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Kodak Mishandled Options Grant but Didn't Break Law

Kodak shares jumped after a law firm concluded that the company mishandled an options grant to its CEO but didn’t break the law.
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Eastman Kodak  (KODK)  shares jumped Wednesday after a law firm’s report concluded that the chemicals company mishandled an options grant to its chief executive, Jim Continenza, but didn’t break the law.

Kodak shares recently traded around $9, up 44%. They'd climbed 34% year to date through Tuesday. 

The findings came from Akin Gump Strauss Hauer & Feld, which the company hired.

Akin Gump determined that Kodak’s general counsel didn’t properly inform the board about the potential pitfalls of announcing a $765 million government loan to Kodak.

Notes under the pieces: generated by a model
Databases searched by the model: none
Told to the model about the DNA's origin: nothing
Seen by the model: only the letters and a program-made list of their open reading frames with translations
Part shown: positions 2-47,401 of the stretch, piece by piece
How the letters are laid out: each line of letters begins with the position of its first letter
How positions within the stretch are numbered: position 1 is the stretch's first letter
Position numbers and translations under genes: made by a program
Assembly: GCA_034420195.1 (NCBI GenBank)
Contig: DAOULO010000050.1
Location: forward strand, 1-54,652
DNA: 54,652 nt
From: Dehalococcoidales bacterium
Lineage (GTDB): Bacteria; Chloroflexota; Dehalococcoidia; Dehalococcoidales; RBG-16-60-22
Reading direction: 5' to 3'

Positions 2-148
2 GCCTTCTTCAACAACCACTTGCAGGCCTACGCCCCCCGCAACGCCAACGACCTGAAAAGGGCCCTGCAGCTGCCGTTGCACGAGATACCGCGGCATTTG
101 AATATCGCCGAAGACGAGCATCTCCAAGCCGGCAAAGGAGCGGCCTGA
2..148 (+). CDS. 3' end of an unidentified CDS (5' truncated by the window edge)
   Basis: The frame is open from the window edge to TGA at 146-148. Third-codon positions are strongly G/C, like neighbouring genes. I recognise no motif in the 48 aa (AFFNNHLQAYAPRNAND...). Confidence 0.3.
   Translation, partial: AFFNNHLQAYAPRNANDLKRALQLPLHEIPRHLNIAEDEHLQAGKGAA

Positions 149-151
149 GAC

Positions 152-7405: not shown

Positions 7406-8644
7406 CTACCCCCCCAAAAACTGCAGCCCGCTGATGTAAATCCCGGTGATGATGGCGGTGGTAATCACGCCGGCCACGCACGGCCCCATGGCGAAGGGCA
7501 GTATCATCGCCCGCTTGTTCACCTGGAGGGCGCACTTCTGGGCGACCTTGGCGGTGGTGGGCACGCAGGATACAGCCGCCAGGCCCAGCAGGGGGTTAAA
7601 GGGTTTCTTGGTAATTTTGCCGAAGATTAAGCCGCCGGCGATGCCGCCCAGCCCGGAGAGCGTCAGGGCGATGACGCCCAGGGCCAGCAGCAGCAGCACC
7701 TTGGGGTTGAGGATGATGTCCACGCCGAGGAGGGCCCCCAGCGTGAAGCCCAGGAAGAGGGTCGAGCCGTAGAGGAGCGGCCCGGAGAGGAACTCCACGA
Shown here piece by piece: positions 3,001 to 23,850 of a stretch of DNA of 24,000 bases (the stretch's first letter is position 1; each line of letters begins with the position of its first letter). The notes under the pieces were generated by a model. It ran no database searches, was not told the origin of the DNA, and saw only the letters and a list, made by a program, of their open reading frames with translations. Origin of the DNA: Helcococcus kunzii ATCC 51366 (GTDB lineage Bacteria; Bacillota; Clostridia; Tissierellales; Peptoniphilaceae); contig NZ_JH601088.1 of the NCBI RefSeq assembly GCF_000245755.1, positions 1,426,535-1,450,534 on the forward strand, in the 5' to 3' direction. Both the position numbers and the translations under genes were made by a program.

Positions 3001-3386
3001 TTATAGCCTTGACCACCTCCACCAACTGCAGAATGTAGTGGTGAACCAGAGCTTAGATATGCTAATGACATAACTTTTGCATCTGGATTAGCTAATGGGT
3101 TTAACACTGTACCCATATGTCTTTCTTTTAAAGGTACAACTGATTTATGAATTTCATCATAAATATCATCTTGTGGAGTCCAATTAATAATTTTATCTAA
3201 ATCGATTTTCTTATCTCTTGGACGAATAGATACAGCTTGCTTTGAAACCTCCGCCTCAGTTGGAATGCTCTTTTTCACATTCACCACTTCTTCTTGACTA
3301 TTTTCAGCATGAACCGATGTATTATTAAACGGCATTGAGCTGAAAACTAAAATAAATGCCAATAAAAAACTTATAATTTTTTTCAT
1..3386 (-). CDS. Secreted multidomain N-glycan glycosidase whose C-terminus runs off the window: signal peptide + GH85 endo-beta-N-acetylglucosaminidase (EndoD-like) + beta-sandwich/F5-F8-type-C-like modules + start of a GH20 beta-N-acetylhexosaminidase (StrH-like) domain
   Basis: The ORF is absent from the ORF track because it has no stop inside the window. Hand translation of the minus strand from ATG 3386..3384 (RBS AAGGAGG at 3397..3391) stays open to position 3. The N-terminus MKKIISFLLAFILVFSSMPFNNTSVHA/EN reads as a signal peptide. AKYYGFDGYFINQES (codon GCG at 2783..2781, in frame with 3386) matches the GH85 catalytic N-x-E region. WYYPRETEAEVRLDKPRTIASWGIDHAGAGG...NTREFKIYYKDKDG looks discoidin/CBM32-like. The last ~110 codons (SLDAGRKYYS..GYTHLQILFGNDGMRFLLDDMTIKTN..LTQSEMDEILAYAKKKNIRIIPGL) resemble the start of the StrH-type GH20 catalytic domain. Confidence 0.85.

That loan would have financed Kodak's production of ingredients for drugs to fight the coronavirus.

The pitfalls included the legal risks of allocating options to Continenza. He received his grants the day before Kodak announced the loan.

The company announced the loan in July and the government withdrew it in August amid reports of insider trading at Kodak. The stock had traded as high as $60 in late July, when the loan was announced.

“The manner in which the options grants were awarded was suboptimal in a number of respects,” the Akin Gump report said.

The report recommended that Kodak change its executive-compensation and insider-trading policies. It also recommended that the company adjust its board makeup.

Continenza said in a statement that “Kodak is committed to the highest levels of governance and transparency, and it is clear from the review’s findings that we need to take action to strengthen our practices, policies, and procedures.” 

“Expeditiously implementing these recommended measures will be critical as we continue to execute on our long-term strategy and transform our business for the future.”